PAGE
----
This article contains content that may distress some readers, especially those who have experienced harm, abuse and/or intergenerational trauma due to historic and ongoing colonial practices. Support is available 24 hours a day for anyone affected by their experience at residential schools and for those who may be triggered by content dealing with residential schools. The national crisis line for residential school survivors is 1-866-925-4419. Survivors and their families can also contact the Hope for Wellness Help Line toll-free at 1-855-242-3310.
This coming Friday, September 30, is the National Day for Truth and Reconciliation in Canada—a day to acknowledge and show solidarity with residential school survivors.
It is also an important time to reflect on this history and the ongoing legacy of the residential school system in Indigenous communities, and to read and reread the calls to action and justice as outlined in the Truth and Reconciliation Commission Final Report published in 2015 and the Final Report of the National Inquiry into Missing and Murdered Indigenous Women and Girls published in 2019.
Now and always we stand with survivors; we celebrate their resiliency, honour their truths and share their stories. Below are three works by Inuit artists that speak to the residential school experience. In their own words, the artists describe their works.
Barry Pottle Yale Dormitory (Residential School) North West River Labrador (2015) Digital photograph, dimensions variable© the artist
"I spent five years (1970–75) at Yale Dorm. There were residential schools in Newfoundland and Labrador. To kill the Indian in the child applied to Inuit as well. I took this photo in 2015, knowing that I may not see this place again."
— Barry Pottle, artist
Abraham Anghik Ruben The Last Goodbye (2001) Brazilian soapstone 42.5 x 25.5 x 42.0 cm© the artist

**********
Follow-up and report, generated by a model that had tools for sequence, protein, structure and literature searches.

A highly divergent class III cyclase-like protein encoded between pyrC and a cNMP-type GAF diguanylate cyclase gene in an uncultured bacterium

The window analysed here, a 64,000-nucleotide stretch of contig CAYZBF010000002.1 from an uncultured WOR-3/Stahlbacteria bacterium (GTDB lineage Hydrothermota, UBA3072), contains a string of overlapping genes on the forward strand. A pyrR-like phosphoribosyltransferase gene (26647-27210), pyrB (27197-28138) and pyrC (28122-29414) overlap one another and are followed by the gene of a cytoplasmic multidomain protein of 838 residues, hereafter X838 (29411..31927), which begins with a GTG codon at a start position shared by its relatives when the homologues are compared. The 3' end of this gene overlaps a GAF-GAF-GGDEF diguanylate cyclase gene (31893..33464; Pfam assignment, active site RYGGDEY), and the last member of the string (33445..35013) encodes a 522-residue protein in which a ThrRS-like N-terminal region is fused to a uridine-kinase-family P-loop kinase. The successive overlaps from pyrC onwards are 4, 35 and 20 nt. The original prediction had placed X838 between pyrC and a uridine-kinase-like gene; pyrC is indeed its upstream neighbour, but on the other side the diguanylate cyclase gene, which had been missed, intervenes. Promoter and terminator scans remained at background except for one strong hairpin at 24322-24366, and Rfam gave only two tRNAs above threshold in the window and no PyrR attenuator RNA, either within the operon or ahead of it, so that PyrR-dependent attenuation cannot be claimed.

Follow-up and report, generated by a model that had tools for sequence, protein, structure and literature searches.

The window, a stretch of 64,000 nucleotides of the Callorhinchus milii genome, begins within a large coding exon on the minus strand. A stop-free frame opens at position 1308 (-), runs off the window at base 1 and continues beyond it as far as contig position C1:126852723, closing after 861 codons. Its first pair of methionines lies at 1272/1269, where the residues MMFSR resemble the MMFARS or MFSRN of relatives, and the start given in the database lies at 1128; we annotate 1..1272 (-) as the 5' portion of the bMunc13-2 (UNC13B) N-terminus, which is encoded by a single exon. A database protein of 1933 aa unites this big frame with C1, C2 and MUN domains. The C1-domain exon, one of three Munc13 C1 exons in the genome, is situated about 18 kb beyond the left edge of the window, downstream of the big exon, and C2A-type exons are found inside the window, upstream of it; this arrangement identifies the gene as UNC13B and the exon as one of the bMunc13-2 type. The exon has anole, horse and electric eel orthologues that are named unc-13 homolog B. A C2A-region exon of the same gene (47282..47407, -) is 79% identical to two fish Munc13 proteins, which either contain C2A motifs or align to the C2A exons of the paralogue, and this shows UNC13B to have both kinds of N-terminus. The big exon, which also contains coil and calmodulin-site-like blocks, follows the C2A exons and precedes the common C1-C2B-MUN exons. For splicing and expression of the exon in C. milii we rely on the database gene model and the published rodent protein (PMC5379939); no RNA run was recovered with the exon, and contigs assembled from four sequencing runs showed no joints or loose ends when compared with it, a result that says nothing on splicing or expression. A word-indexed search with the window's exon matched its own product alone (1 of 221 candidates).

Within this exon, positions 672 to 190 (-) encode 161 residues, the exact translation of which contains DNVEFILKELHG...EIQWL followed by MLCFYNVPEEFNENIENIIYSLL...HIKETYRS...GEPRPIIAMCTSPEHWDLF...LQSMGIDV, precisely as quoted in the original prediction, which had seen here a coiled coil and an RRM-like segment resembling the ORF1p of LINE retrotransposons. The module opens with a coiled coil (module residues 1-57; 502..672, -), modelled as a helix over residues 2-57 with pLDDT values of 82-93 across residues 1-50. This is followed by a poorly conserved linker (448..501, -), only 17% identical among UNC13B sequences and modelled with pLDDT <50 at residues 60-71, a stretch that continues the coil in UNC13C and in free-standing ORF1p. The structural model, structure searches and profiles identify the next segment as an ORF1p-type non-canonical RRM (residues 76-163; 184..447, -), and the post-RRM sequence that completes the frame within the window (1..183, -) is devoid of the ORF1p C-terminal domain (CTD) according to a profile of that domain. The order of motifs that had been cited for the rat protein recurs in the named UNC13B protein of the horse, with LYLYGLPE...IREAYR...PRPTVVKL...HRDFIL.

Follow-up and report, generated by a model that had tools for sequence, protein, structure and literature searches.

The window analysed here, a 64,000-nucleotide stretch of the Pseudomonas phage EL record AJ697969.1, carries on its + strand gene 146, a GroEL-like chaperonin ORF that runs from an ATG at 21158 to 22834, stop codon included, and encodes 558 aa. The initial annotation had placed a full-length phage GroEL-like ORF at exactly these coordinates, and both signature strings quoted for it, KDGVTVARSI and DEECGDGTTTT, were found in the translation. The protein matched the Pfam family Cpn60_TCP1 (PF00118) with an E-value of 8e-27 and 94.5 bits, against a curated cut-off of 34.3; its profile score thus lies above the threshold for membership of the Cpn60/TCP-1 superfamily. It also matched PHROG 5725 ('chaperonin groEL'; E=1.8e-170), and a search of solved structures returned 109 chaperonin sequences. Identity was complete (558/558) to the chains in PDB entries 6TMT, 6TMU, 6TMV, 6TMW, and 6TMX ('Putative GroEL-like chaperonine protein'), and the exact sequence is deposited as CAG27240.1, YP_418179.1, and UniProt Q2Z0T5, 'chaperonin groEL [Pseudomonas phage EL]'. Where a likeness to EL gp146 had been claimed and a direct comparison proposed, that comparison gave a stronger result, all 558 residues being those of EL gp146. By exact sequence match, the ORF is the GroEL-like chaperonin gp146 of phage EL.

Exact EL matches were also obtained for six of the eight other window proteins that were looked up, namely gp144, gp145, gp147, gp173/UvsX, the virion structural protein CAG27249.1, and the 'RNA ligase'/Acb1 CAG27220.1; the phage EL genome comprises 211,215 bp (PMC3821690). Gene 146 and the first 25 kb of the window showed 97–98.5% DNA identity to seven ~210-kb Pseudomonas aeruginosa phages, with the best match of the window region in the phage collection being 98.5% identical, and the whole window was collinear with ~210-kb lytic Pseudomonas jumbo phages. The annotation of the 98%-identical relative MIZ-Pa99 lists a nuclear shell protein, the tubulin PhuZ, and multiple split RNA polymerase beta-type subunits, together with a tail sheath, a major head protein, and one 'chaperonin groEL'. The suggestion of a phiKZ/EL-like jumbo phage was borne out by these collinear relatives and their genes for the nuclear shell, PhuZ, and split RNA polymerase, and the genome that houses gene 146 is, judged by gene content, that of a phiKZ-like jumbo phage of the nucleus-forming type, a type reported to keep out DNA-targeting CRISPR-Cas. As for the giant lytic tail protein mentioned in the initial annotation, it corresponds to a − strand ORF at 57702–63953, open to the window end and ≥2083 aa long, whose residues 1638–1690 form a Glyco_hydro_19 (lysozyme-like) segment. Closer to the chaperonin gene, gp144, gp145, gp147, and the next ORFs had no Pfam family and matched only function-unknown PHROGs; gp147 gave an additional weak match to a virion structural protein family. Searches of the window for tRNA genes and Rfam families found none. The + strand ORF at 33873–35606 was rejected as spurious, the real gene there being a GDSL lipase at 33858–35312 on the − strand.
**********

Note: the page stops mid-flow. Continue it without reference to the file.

“I clearly remember when this took place—my mother sitting with my older brother and sister, David and Martha, just before they left for the Mission school in Aklavik. David was five years old at the time and Martha was only a little older. It was a scene that was repeated later on when my other brothers and I were sent off to residential school. But this time, it was sadder for my mother, because it would be three years that David and Martha would be gone. They left in 1955 and we didn’t see them again until the latter part of 1958. Those three years had a permanent impact on my brother’s life."
— Abraham Anghik Ruben, artist
Megan Kyak-Monteith Residential School Students (2015) ink and watercolour on paper 27.9 x 35.5 cm© the artist
“I made this painting in my final year of high school, at the same time that I learned about the history of residential schools. I never experienced residential schools and thankfully, my parents didn’t either but it haunted me. I hope this work encourages people to start their own journey of reconciliation which, at its core, is learning about that truth and history and understanding exactly what it means for Indigenous people. This piece was the start to my own journey in learning about this history and I hope it opens that up for other people as well."
— Megan Kyak-Monteith, artist
We invite you to join us in marking this National Day of Truth and Reconciliation by wearing orange and exploring other recommendations from Orange Shirt Day organizers. If you are purchasing an orange shirt, take the opportunity to support Indigenous artists with your purchase. We also encourage you to spend time with and amplify the voices of Indigenous artists and creatives by visiting an exhibition near you or sharing their work online.
There are many ways to mark the day while supporting and celebrating the work of Inuit artists. Watch Inuit-directed films; both the National Film Board of Canada and CBC Gem offer collections of Indigenous-created films in a variety of genres from documentary to children’s animation. Get to know works by Inuit musicians and writers who share their stories of surviving, such as Mitiarjuk Nappaaluk’s novel Sanaaq, a 48-episode story revolving around a close-knit Inuit family whose lives are upended by the appearance of qallunaat missionaries.
Mitiarjuk Nappaaluk Sanaaq (2014; first published in syllabic Inuttitut in 1987)Courtesy University of Manitoba Press © the artist
It’s important for young ones to also participate in discussions about what reconciliation really means beyond wearing their orange T-shirts for a day. Visit the National Centre for Truth and Reconciliation for more programming and ways for young people to become involved.
If you are in a position to make a donation, some organizations working to support survivors and their communities include the Legacy of Hope Foundation, the Arctic Children and Youth Foundation and the Arctic Rose Foundation. However you choose to reflect on this day, we hope you find a way that is meaningful to you.